LECTURE: "Death in the Enchanted Palace: Philibert Delorme's Château d'Anet."

Richard Etlin is a Distinguished University Professor at the School of Architecture, Planning, and Preservation of the University of Maryland and a Fellow of the American Academy of Rome. His books include In Defense of Humanism: Value in the Arts and Letters (1996); Symbolic Space: French Enlightenment Architecture and Its Legacy (1994) – winner of an International Architecture Book Award from the American Institute of Architects; Frank Lloyd Wright and Le Corbusier: The Romantic Legacy (1994); Modernism in Italian Architecture, 1890-1940 (1991) – winner of the 1992 Alice Davis Hitchcock Award from the Society of Architectural Historians, an International Architecture Book Award from the American Institute of Architects, and the 1991 Most Outstanding Book in Architecture and Urban Planning from the Professional and Scholarly Publishing Division, Association of American Publishers, Inc.; and The Architecture of Death: The Transformation of the Cemetery in Eighteenth-Century Paris (1984). He is the editor of Art, Culture and Media under the Third Reich (2002) and Nationalism in the Visual Arts (1991). He has held Fulbright Fellowships for France and Italy.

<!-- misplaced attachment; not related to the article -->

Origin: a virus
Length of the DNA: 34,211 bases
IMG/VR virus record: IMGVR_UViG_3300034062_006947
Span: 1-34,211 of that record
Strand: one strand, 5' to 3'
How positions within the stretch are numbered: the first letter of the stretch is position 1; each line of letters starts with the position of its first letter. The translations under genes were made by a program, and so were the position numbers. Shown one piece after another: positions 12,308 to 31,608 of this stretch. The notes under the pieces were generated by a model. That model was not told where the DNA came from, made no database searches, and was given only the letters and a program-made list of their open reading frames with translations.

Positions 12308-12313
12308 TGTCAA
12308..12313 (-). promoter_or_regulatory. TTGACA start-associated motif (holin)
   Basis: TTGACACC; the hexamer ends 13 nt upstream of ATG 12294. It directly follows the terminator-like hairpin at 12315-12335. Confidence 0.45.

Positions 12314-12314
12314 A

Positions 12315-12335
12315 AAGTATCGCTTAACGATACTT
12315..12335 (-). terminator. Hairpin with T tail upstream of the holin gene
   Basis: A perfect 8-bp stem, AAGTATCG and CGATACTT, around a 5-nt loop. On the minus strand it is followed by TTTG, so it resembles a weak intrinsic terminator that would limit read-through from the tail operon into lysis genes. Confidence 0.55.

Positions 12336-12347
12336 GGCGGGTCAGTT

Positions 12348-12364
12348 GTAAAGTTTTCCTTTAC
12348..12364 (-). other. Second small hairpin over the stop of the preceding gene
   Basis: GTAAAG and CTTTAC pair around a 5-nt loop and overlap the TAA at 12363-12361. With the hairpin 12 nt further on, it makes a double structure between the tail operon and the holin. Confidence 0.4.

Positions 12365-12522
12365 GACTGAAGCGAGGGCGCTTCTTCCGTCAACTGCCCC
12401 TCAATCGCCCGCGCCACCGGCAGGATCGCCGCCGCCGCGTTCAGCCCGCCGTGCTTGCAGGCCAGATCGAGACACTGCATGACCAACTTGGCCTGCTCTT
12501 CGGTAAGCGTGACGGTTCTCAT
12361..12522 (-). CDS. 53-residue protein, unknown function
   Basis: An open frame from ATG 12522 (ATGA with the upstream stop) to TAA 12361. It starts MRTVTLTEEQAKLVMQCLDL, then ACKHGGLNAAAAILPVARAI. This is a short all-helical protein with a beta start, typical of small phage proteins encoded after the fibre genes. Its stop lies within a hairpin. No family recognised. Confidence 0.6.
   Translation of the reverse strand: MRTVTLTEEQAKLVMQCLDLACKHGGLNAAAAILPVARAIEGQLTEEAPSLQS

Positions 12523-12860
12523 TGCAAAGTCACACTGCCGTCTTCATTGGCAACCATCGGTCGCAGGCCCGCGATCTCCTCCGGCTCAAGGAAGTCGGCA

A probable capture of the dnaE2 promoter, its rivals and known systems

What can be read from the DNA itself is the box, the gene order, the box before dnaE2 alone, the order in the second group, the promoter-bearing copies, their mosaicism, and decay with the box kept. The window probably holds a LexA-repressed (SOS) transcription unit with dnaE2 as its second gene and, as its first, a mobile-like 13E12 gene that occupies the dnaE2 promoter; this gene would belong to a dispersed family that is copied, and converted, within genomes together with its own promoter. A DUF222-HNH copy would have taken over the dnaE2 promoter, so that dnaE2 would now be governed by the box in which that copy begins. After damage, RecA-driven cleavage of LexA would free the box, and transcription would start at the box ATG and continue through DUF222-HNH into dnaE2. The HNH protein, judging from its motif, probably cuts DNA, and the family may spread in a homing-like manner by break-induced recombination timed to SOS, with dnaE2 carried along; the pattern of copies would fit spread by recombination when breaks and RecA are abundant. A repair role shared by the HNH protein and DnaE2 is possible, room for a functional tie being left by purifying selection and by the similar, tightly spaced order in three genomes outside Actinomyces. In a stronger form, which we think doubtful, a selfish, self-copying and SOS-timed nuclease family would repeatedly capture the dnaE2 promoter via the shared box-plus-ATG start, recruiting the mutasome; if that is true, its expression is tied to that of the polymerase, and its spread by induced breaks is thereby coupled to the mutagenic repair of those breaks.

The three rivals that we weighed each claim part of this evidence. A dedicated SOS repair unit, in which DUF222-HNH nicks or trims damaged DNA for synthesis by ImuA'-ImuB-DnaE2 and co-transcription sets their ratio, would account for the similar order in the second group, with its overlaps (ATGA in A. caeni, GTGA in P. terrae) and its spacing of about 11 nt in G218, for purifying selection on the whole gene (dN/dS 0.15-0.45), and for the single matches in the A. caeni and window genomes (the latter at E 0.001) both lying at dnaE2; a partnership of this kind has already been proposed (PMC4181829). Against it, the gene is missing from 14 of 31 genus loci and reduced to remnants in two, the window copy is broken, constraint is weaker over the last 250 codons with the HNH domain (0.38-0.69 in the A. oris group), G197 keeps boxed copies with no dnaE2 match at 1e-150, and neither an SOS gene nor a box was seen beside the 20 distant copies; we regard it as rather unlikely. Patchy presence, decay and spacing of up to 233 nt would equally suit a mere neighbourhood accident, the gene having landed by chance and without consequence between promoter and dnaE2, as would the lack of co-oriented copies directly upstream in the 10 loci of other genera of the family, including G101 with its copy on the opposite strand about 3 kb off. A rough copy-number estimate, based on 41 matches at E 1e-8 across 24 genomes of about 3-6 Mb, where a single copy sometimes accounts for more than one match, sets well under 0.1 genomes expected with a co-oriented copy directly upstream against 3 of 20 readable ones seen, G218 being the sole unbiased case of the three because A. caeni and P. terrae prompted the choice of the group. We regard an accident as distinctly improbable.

Other fellowships include a Guggenheim, National Endowment for the Arts, National Endowment for the Humanities, National Gallery of Art, and Dumbarton Oaks-Harvard University.

Professor Etlin currently teaches architectural history ranging from the Middle Ages to the modern era. His most recent teaching and research interests focus on innovative structural principles of historical masonry architecture and their relationship to modern structural design and to structure in the natural world and sustainable urbanism. He is currently the editor of the Encyclopedia of Religious Architecture of the World, a multi-volume reference work that will be published by Cambridge University Press. Professor Etlin is also preparing a critical edition of Louis Sullivan's Kindergarten Chats (1901-2).

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